Using commands

Commands are primarily used for navigation in an application. They are the basis of command-based menus and toolbars.

Command form

Commands are a form-based resource. For a command to be accessed, the form it is part of must be open at the time the command is used. For stand-alone applications, commands that should always be available could be defined for the Main Menu form.

You might also want to create separate command forms that contain groups of related commands. This gives added flexiblity when controlling access to commands. Opening or closing the command form will control whether the commands are available. This is the approach used by applications that integrate with Microsoft Dynamics GP. Each integrating application defines its own command form.

If a command is part of an active form, it available to be used, even if it does not appear on a menu or a toolbar.


When a command is made available, it is automatically assigned a tag. A tag is an integer that uniquely identifies that command for the current application session. A tag for a command is retrieved using the Command_GetTag() function. The tag is required when running other commands such as Command_GetType().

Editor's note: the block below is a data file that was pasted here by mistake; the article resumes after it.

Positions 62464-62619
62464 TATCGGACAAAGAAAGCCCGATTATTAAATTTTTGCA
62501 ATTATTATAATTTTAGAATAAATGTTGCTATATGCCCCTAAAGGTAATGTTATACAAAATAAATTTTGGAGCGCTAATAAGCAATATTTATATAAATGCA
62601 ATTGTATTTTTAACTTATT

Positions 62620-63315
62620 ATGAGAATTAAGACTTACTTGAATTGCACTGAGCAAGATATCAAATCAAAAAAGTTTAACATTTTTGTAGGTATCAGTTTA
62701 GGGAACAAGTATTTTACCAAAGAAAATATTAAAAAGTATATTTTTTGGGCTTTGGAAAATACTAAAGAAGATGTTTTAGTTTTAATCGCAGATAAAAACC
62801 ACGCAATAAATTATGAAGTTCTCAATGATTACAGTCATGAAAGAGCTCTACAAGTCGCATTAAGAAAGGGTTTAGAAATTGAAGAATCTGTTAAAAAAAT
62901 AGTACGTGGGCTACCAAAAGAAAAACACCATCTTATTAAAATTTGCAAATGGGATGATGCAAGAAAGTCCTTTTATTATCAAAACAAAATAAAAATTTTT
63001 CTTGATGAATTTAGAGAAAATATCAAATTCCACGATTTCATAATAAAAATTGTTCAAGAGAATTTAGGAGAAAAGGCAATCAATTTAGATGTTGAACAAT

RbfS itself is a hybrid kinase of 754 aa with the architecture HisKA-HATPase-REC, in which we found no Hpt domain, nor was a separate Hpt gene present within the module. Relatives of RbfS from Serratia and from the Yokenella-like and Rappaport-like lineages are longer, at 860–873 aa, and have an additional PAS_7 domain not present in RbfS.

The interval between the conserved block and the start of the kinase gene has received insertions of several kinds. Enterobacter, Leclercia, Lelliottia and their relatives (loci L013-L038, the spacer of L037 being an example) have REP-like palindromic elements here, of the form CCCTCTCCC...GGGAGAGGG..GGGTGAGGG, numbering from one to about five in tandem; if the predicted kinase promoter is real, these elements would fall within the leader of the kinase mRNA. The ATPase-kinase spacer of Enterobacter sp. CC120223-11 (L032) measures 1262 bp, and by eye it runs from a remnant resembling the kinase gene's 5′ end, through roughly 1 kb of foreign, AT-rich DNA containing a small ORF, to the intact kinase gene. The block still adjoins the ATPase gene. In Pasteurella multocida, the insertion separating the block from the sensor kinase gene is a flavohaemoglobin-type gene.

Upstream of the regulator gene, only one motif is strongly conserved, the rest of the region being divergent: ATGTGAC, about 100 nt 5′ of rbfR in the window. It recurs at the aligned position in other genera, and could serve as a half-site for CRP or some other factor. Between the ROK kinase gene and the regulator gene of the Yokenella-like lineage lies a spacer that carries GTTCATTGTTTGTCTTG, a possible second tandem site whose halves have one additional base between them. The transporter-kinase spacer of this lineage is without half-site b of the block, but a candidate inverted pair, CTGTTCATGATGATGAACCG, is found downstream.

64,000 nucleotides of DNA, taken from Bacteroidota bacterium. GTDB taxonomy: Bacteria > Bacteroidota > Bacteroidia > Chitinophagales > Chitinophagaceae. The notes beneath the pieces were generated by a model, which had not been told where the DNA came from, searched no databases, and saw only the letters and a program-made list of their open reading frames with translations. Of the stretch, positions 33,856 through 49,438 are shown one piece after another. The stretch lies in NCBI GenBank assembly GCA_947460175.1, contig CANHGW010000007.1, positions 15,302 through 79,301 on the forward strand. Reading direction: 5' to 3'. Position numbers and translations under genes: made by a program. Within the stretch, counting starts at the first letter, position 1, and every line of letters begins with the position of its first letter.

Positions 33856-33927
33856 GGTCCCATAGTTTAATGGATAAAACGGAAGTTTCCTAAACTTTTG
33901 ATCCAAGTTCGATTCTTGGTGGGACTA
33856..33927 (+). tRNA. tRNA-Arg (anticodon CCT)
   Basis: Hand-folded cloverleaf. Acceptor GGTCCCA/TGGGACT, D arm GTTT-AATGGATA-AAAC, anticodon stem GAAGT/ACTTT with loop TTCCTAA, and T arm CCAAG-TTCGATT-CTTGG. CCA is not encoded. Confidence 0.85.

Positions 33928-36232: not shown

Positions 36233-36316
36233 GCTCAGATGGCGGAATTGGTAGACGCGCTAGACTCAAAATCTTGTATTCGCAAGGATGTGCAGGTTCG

Don’t store the tag for a command. A new tag is assigned to the command each time the application is run.

Command lists

A command list is a special type of command used to group related commands for use in toolbars or command-based menus. Commands are added to a command list using functions from the Command list function library. You will also use functions from this library to manage the contents of command lists.


Commands and command lists form the basis of command-based menus. Refer to Command-based Menus for more information.


Commands and command lists are also used for toolbars that can be displayed in an application. Refer to Toolbars for more information.

Running commands

Form and script commands can be executed directly by the user when the commands appear on menus or toolbars. They can also be run through scripts. You can run a command directly using the run command statement. If only the tag for the command is available, use the Command_Execute() function.

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